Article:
Research Paper on Collective Bargaining in Airline Industry

The foundation, for collective bargaining in the industry, was laid in 1936, when the industry was included under Title II of the Railway Labor Act. Accordingly, with the enactment of the CAA two years later, one of the functions of the CAB was the enforcement of the RLA in labor relations issues.

A significant provision of the RLA stipulated that bargaining units be based on distinguishable occupations or crafts. In addition, unions representing airline occupations tend to negotiate with each carrier individually. Together, these factors preempted the existing decentralized structure of collective bargaining that is pervasive in the industry today. Another factor that shaped collective bargaining in the industry prior to the ADA of 1978 was the route and fare regulation of CAB.

Without competitive pressures in its product market, carriers had little incentive to cut labor costs, because cost reduction could not be turned into lower fares and competitive advantage. Actually, fare structures tended to rise with cost increases. Thus employers had less resistance to wage increases than their counterparts in competitive industries because their costs could more easily be passed on to consumers. Consequently, unions in the industry did not face the usual tradeoff between higher wages or increased employment, since carriers were not forced to limit labor costs to generate greater profit.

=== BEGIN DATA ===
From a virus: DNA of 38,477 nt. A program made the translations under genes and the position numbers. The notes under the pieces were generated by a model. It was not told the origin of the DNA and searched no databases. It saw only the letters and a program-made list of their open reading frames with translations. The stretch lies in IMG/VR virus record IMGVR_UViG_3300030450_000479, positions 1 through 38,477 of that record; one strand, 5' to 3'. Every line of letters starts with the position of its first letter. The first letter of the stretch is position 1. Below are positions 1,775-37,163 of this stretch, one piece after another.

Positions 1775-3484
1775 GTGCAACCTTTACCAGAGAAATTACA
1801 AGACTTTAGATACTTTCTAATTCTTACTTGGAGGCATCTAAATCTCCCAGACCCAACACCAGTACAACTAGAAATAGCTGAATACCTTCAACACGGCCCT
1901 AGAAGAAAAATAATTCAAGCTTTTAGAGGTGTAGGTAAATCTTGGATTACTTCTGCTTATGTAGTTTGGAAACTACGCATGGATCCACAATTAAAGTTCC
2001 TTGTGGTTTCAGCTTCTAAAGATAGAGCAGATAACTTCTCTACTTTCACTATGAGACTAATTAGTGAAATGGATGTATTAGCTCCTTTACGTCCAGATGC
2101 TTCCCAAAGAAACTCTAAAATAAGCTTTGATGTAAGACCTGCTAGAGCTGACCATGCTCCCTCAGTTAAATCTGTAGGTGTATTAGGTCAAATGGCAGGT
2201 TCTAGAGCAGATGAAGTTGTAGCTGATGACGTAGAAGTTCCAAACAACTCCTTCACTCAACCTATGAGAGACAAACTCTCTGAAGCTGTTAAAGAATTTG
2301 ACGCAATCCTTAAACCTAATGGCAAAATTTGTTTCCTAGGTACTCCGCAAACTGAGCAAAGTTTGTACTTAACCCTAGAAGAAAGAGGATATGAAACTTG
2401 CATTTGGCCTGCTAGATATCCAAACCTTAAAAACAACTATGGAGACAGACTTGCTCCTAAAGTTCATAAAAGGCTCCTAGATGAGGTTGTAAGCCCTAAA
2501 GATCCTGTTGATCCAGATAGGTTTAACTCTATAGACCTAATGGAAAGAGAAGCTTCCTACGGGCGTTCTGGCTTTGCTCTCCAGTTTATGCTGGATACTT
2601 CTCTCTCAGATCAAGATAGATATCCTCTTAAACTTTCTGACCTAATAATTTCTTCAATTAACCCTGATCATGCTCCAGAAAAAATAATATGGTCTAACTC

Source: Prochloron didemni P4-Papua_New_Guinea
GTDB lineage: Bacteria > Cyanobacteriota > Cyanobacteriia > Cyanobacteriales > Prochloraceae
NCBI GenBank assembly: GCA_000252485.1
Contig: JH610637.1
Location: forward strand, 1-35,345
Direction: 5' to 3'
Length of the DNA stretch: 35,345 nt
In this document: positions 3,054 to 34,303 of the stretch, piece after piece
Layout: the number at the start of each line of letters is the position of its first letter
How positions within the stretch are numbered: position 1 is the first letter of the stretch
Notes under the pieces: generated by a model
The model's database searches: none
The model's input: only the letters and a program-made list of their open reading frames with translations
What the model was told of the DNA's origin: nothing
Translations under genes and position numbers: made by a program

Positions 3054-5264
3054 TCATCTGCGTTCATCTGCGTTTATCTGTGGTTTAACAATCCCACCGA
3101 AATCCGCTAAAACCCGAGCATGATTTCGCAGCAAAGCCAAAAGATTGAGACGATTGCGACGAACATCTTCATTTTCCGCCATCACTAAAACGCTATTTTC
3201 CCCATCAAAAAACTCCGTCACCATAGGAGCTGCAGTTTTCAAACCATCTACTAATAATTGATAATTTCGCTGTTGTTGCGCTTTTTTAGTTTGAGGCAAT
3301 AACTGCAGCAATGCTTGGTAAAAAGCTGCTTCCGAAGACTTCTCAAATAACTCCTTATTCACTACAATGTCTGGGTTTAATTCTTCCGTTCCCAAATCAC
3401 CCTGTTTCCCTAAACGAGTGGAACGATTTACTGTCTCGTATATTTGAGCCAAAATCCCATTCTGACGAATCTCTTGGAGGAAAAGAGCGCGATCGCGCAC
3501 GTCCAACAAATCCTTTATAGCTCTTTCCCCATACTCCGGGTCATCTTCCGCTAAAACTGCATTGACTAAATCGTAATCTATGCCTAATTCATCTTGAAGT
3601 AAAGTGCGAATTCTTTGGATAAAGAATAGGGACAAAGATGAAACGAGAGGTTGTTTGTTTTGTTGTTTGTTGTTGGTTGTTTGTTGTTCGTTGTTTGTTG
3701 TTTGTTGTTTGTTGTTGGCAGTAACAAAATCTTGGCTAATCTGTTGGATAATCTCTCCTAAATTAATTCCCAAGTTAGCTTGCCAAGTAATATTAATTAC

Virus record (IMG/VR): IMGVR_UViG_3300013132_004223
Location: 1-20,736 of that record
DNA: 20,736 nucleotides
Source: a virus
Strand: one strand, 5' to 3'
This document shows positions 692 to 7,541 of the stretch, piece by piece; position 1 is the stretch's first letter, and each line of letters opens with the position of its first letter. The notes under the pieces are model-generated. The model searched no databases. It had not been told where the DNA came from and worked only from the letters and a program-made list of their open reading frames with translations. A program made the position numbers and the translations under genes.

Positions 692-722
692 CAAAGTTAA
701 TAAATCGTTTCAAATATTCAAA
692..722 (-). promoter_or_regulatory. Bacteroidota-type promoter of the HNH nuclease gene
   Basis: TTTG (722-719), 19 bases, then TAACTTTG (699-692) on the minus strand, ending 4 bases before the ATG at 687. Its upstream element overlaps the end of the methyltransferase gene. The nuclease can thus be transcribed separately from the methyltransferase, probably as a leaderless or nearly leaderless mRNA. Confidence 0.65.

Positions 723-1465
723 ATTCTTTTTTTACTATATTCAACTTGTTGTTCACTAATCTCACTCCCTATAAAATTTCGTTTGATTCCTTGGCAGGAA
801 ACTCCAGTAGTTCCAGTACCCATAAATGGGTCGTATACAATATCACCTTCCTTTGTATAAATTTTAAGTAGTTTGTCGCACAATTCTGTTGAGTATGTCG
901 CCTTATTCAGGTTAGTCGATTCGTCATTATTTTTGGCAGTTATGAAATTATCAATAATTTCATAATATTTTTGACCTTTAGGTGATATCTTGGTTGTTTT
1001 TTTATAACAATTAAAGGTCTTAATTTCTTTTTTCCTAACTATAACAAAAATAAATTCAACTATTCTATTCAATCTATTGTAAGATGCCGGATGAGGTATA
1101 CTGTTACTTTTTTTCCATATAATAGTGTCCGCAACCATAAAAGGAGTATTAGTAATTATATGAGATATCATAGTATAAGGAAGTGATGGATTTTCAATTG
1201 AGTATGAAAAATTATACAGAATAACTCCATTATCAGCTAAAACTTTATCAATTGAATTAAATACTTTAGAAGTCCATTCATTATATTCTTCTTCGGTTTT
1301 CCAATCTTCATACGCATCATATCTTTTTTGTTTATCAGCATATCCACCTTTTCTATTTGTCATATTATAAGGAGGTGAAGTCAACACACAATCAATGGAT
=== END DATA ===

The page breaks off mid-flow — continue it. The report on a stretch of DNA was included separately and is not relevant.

An additional factor that shaped collective bargaining in the pre-deregulation era was the strike insurance plans or Mutual Aid Pacts (MAP). In the event of a strike, carriers agreed to divide revenues between the nonstruck carriers (who would receive windfall gains from the strike) and the struck carrier. This weakened the strike threat as a possible tool of unions in collective bargaining in the regulated era. In the post-deregulation era, concession bargaining has become the norm. Carriers use strategies from the threat of bankruptcy to two-tier wage structures to achieve substantial labor-cost concessions. However, the form and the extent of these concessions vary by occupation and carrier. In general, pilots and flight attendants have made many of their concessions in the form of increases in monthly work hours.

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